What should I do? (Roommate question)

Hi guys,

Question for the board - I split a house with my roommate and we typically just divide everything down the middle. We have a joint checking account that is set up to auto-pay all our bills once a month. It’s worked well for the last year and a half.

My roommate decided that she wanted to increase our TV coverage so that she could watch the Olympics. I barely was aware the Olympics were going on, and completely ignored them, but she’s an Olympics junky and it was a big deal for her. She made the adjustments to the account, knowing they would be temporary. When the Olympics ended, she discovered the Verizon was no longer giving us the option for the cheaper local TV coverage that we had had. I’m the financial manager of the house (she’s handy with powertools, it’s a good partnership) so it fell to me to fix this. Two hours on the phone with Verizon later, I bargained us into a cheaper deal, but still higher than our previous bill.

Here’s my question - I didn’t do anything to merit a higher bill - I got it down via politeness and determination with Verizon, who were also very nice actually (credit where credit is due). I don’t owe a TV or watch any TV and pay for my netflix account entirely on my own. We mostly bundle services to get a cheaper deal on the bill. Should my roommate be accountable for all of the difference in the bill, or should we split it? I’m annoyed, but I don’t necessarily want to disrupt the house. I’d probably be even more forgiving if her damn dog door hasn’t been a direct current for cold air into our house and our heating bill wasn’t 40% higher this year. It’s really, really drafty, but closing it would require her to take her dogs on walks instead of leaving them to their own devices.

Thoughts on the etiquette of this situation?

If you literally never watch tv, she should be paying that portion entirely. For argument’s sake let’s say the bundle was internet $40, phone $30, television $30 =$100 for the house. Your portion would be $35 and hers would be $65.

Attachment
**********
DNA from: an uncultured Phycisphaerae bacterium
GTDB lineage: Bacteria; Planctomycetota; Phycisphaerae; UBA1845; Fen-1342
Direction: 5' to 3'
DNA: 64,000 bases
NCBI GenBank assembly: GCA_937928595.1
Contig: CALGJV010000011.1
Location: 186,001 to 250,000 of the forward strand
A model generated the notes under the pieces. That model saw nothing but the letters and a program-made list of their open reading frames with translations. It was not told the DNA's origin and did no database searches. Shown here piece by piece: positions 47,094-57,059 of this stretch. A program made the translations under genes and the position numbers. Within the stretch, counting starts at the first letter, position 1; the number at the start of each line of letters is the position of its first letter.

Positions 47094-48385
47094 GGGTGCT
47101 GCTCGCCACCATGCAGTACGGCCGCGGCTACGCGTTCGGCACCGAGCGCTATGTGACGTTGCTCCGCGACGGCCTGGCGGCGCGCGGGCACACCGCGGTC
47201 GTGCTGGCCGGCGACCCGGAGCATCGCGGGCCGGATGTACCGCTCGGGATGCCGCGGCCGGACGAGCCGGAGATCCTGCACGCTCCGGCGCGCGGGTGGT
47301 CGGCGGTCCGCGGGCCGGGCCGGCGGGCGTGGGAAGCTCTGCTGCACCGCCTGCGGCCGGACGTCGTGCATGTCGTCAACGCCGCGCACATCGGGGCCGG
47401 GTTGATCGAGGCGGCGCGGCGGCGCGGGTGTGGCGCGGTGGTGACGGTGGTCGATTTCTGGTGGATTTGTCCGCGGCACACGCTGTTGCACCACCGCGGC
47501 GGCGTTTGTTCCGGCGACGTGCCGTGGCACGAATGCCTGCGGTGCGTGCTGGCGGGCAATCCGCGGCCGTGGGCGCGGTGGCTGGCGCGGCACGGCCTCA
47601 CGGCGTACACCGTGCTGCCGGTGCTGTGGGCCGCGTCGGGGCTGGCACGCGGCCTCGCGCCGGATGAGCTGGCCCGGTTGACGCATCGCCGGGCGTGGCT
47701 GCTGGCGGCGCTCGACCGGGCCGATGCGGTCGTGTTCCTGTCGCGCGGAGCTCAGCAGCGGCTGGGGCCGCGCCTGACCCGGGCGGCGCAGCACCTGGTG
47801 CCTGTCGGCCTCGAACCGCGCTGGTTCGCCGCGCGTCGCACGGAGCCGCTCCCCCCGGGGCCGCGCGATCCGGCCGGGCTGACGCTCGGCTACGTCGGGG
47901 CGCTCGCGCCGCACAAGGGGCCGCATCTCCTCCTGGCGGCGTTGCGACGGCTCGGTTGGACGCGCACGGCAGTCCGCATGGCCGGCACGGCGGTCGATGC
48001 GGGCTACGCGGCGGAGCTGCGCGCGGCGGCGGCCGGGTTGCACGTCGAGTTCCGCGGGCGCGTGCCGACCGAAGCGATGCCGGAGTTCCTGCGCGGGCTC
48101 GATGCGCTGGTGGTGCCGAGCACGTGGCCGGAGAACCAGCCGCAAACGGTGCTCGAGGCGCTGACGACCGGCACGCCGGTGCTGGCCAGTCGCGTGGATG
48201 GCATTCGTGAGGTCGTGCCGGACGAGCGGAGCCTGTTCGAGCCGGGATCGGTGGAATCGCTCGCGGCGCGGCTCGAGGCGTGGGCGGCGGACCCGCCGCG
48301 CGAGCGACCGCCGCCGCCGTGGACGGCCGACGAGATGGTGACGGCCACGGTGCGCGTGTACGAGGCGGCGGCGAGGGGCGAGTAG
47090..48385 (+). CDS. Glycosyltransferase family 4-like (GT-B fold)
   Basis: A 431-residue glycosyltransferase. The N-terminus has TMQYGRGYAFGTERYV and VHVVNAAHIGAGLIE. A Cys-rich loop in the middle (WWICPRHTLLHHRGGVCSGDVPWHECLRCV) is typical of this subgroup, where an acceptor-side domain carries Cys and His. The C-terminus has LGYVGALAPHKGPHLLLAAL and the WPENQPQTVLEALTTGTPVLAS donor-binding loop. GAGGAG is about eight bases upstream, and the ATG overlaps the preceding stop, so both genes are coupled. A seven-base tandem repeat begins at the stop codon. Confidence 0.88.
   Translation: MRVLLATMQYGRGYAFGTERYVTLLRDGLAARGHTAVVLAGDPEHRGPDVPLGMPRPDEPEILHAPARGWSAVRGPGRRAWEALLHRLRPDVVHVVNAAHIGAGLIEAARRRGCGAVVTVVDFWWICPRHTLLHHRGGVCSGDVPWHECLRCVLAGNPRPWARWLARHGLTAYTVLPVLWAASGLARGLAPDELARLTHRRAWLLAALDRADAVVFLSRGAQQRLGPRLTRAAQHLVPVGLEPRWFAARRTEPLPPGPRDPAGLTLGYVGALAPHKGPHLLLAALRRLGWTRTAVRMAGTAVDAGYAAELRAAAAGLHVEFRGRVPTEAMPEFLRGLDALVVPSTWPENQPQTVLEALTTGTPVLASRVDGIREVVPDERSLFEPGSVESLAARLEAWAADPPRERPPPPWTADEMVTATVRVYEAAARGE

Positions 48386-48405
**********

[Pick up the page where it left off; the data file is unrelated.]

I’m trying to figure out the dog door thing. Apparently you have a yard that the dog door opens to. So it’s not cheaper heat-wise to open the door a few times a day as opposed to 24/7 draft? And how handy is she if she cant figure out the draft problem and fix it?

What does she bring to the house besides discomfort, and increased bills, again? Are you sleeping with her?

I’d say yes, she should pay the difference. But good grief! A 40% increase in heating costs is no joke! I’d be making a bigger deal about this! Offer to split the dog-walking responsibilities or something, but there’s no way you should be paying 40% more for heating costs because she can’t be arsed to walk her dogs.

Would she consider getting a better pet door? If your bills are that much higher, it will pay for itself in no time. Heck, if I was in your situation, I’d probably be willing to buy the damn thing and call it a gift.

And yes, I think she owes the difference in television bill, but it’s not the kind of thing I’d get too hung up on myself. But it is her responsibility, since she didn’t clarify with the rep when she added a package that it was cancelable at your then-current rate.

You don’t say how much higher the Verizon bill is. If it’s less than $20 / month, I’d say you’re in the right, but you’re also being petty and you should let it go.

If it’s $20–$50 / month, I think it’s time to consider switching providers altogether if that’s possible, or having a sit-down with your roommate about economizing.

With the dog door, I doubt that it’s solely responsible for the 40% increase, though I’m sure it accounts for some of it.

It sounds to me like you’re avoiding any sort of confrontation but letting resentment build, and that’s a bad strategy. It sounds like, on the roommate’s end, that she is taking advantage of your willingness to do the budgeting by not thinking about her use of the resources you share.

What I would suggest is trying to put the resentment aside and saying to her, “because of the increase in heating costs and cable, we’re going to have to cut something. Do you think we should block the dog door, cut off cable, or do you have an idea I haven’t thought of?”

Goodness, didn’t expect the focus on the dog door.

Okay, to answer some questions:

1)No, I am not sleeping with her.
2)The price difference was about $30/month, although I managed to get it down a bit.
3)I literally do not ever watch the TV, but I pay a share because bundling the services lowers the internet costs. She doesn’t watch it either, except when the Olympics are on.
4)There was an effort to cover the dog door with duct tape - I can’t say it was that effective. I suppose handiness is relative, with my handiness approaching negative digits.
5)The increase isn’t entirely due to the dog door - taxes went up, distribution costs went up. But, damn, it is really, really cold with the draft from that door.